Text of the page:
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Fig 1. Gene structure of FANCJ homologs in Arabidopsis thaliana.

AtFANCJA is located at the locus At1g20750 and comprises of 25 exons (red boxes) and 24 introns (black bars) in 5697 bp. The T-DNA insertion in fancja-1 is integrated in intron 24. The mutations in fancja-2/3 are located spanning intron 16/exon 17, the insertions in fancja-4/5 are inserted in exon 17. AtFANCJB (At1g20720) consists of 7137 bp in 30 exons (green boxes) and 29 introns (black bars). In fancjb-1, a T-DNA is inserted in intron 10, fancjb-2 harbours a deletion in exon 16 and fancjb-3 contains a deletion in exon 9.

https://doi.org/10.1371/journal.pgen.1008174.g001

As human FANCJ is a known factor involved in the FA pathway, we were interested in the function of the Arabidopsis FANCJ homologs in ICL repair. To test this, we analysed the obtained fancja and fancjb T-DNA and CRISPR/Cas9 mutant lines on their sensitivity towards the ICL inducing agent Mitomycin C (MMC). Therefore, we treated one-week-old plantlets of the individual lines with different MMC concentrations, incubated them for an additional two weeks and measured the resulting fresh weight. The fresh weight of treated plants was normalized to the fresh weight of untreated plants of the same line, to exclude the influence of growth differences. As a control, wild-type (WT) plants were treated accordingly. For all three tested fancja mutant lines, no significant differences in fresh weight compared to WT plants could be observed following MMC treatment (Fig 2A). In contrast to this, the three fancjb mutant lines exhibited a comparable hypersensitivity after treatment with 5, 10 and 15 μg/ml MMC, resulting in a significantly reduced fresh weight compared to WT plants (Fig 2B). This indicates an involvement of AtFANCJB in ICL repair. As mutants from other helicases such as AtRECQ4A, AtFANCM and AtRTEL1 show sensitivity in addition to a hyperrecombination phenotype, we were wondering whether the same holds true for AtFANCJB. Therefore, we crossed the fancjb-2 and fancjb-3 mutant lines with the IC9C reporter line [44]. This line harbours an interrupted GUS gene that enables the quantification of interchromosomal recombination events upon restoration. However, both fancjb mutants tested did not differ in their recombination frequencies from that of WT plants (Fig 2D). Thus, AtFANCJB is not involved in the suppression of HR in plants.

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Fig 2. Sensitivity analysis of fancja and fancjb mutant lines after MMC treatment and HR analysis in fancjb mutant lines.

The fresh weight of the individual lines in response to MMC treatment was determined in relation to untreated control plants. Five independent assays were performed and mean values with standard deviations (error bars) were calculated. (A) The relative fresh weight of all fancja mutant lines did not differ significantly from WT plants. (B) All three fancjb mutant lines depicted a significantly reduced fresh weight compared to WT plants at 5, 10 and 15 μg/ml MMC concentrations. (C) Both fancja fancjb double mutant lines were hypersensitive against MMC treatment, on a level comparable to the fancjb single mutant. (D) Homologous recombination frequency was determined with the IC9C reporter in three independent assays and mean values with standard deviations (error bars) were calculated. The number of blue sectors per plant in both fancjb mutant lines did not differ from WT plants. Statistical differences were calculated using the two-tailed t-test with unequal variances: * p < 0.05, ** p < 0.01, *** p < 0.001, ns = not significant.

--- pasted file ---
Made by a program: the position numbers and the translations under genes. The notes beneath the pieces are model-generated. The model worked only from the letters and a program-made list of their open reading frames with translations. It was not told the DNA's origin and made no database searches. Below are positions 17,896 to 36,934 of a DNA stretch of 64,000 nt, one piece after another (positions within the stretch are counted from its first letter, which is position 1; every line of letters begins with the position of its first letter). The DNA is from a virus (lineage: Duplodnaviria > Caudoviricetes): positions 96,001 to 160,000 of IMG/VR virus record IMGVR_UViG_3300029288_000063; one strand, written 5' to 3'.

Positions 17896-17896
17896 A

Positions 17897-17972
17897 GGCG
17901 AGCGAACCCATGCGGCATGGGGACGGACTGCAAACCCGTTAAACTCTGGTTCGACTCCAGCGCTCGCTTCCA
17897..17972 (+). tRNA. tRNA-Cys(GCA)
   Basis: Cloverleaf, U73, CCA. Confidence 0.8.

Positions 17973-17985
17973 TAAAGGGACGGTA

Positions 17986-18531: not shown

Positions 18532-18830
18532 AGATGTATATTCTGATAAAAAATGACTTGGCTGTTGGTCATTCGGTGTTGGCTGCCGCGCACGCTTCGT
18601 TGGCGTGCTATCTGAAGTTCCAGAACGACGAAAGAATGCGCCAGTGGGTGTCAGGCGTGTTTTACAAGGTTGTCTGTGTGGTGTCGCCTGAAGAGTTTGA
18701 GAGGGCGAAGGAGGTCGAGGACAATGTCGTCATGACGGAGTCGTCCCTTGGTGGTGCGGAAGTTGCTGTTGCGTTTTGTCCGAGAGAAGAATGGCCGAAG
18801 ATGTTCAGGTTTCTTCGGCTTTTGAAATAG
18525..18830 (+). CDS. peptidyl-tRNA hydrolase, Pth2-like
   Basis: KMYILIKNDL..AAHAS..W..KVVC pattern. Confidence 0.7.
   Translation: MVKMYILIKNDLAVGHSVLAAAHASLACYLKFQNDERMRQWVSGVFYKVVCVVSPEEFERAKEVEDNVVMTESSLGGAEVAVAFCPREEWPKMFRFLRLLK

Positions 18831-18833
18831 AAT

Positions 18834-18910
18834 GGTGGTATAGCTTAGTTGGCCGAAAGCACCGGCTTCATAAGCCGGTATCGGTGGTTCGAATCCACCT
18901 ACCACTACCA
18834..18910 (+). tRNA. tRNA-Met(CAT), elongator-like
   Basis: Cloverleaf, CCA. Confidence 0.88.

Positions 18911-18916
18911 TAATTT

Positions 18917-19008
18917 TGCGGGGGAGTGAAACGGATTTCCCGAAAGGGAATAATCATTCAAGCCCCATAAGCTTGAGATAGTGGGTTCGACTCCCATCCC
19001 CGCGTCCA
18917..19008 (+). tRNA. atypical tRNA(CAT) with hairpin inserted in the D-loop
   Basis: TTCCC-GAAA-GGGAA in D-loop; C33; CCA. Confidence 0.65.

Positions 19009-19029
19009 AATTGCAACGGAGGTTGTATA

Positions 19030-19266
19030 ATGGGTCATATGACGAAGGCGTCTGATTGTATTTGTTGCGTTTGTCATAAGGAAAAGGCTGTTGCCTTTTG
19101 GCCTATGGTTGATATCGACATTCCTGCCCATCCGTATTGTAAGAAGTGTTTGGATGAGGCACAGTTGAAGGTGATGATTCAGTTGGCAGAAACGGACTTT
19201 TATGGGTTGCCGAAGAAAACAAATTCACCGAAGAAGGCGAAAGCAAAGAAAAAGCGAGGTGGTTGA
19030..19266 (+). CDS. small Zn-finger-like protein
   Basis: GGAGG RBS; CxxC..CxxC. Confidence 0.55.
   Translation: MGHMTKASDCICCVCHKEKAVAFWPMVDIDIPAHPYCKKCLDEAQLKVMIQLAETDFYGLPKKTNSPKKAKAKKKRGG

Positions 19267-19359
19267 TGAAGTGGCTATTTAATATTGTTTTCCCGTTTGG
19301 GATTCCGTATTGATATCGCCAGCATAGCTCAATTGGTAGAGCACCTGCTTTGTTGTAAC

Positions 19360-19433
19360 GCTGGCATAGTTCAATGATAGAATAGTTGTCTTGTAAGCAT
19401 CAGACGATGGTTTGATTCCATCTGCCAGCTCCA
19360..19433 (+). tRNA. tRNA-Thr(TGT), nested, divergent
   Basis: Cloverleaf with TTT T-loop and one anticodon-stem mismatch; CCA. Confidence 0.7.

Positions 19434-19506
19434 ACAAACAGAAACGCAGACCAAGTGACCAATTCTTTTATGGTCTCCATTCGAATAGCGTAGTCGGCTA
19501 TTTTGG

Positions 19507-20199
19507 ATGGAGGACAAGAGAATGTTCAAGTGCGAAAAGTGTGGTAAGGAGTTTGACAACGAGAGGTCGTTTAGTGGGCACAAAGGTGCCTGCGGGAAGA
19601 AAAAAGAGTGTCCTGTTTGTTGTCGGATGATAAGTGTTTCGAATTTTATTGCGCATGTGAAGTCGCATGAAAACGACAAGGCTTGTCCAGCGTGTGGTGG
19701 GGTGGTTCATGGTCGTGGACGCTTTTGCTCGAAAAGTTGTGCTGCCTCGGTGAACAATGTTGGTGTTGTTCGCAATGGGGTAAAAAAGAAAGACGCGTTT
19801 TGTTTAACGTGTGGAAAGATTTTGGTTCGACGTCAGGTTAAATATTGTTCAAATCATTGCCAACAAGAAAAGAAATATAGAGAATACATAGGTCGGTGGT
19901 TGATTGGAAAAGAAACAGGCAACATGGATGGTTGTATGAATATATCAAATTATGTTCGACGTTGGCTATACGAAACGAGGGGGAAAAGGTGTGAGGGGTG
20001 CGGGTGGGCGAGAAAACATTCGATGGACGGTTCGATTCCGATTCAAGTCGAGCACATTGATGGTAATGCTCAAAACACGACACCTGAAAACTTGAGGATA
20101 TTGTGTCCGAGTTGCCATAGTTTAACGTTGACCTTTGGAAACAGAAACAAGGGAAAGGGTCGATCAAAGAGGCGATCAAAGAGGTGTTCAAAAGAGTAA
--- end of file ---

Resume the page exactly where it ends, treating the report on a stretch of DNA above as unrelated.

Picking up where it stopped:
https://doi.org/10.1371/journal.pgen.1008174.g002

AtFANCJA is not involved in ICL repair

Although no direct function for FANCJA in ICL repair could be found, the homolog could still perform a possible hidden role, with a backup function for FANCJB. To address this question, we aimed to analyse fancja fancjb double mutants. As the two genes are both located on chromosome 1, separated by only 10 kb, the utilisation of crossbreeding for double mutant generation was not possible. To circumvent this problem, we performed a Cas9-mediated mutagenesis of FANCJA in the fancjb-1 mutant line. Therefore, we used the same double nickase approach as for the fancja single mutant generation. Two individual mutant lines for FANCJA could be obtained in the fancjb-1 mutant background, resulting in the double mutants fancja-4 fancjb-1 and fancja-5 fancjb-1. The FANCJA mutations in both double mutants lead to a frameshift in the open reading frame of the FANCJA gene, thus resulting in a premature stop codon (S3 Fig). We tested the obtained double mutants on their sensitivity towards MMC in comparison to the fancja-1 and fancjb-1 single mutants and WT plants. While fancja-1 mutants did not display MMC hypersensitivity, fancjb-1 mutants showed a significantly reduced fresh weight in comparison to the WT (Fig 2C). Interestingly, both fancja fancjb double mutant lines exhibited hypersensitivity towards MMC on a level comparable to the fancjb-1 single mutant, in all tested concentrations. Thus, AtFANCJA does not contribute to ICL repair and AtFANCJB seems to be the only functional FANCJ homolog in Arabidopsis.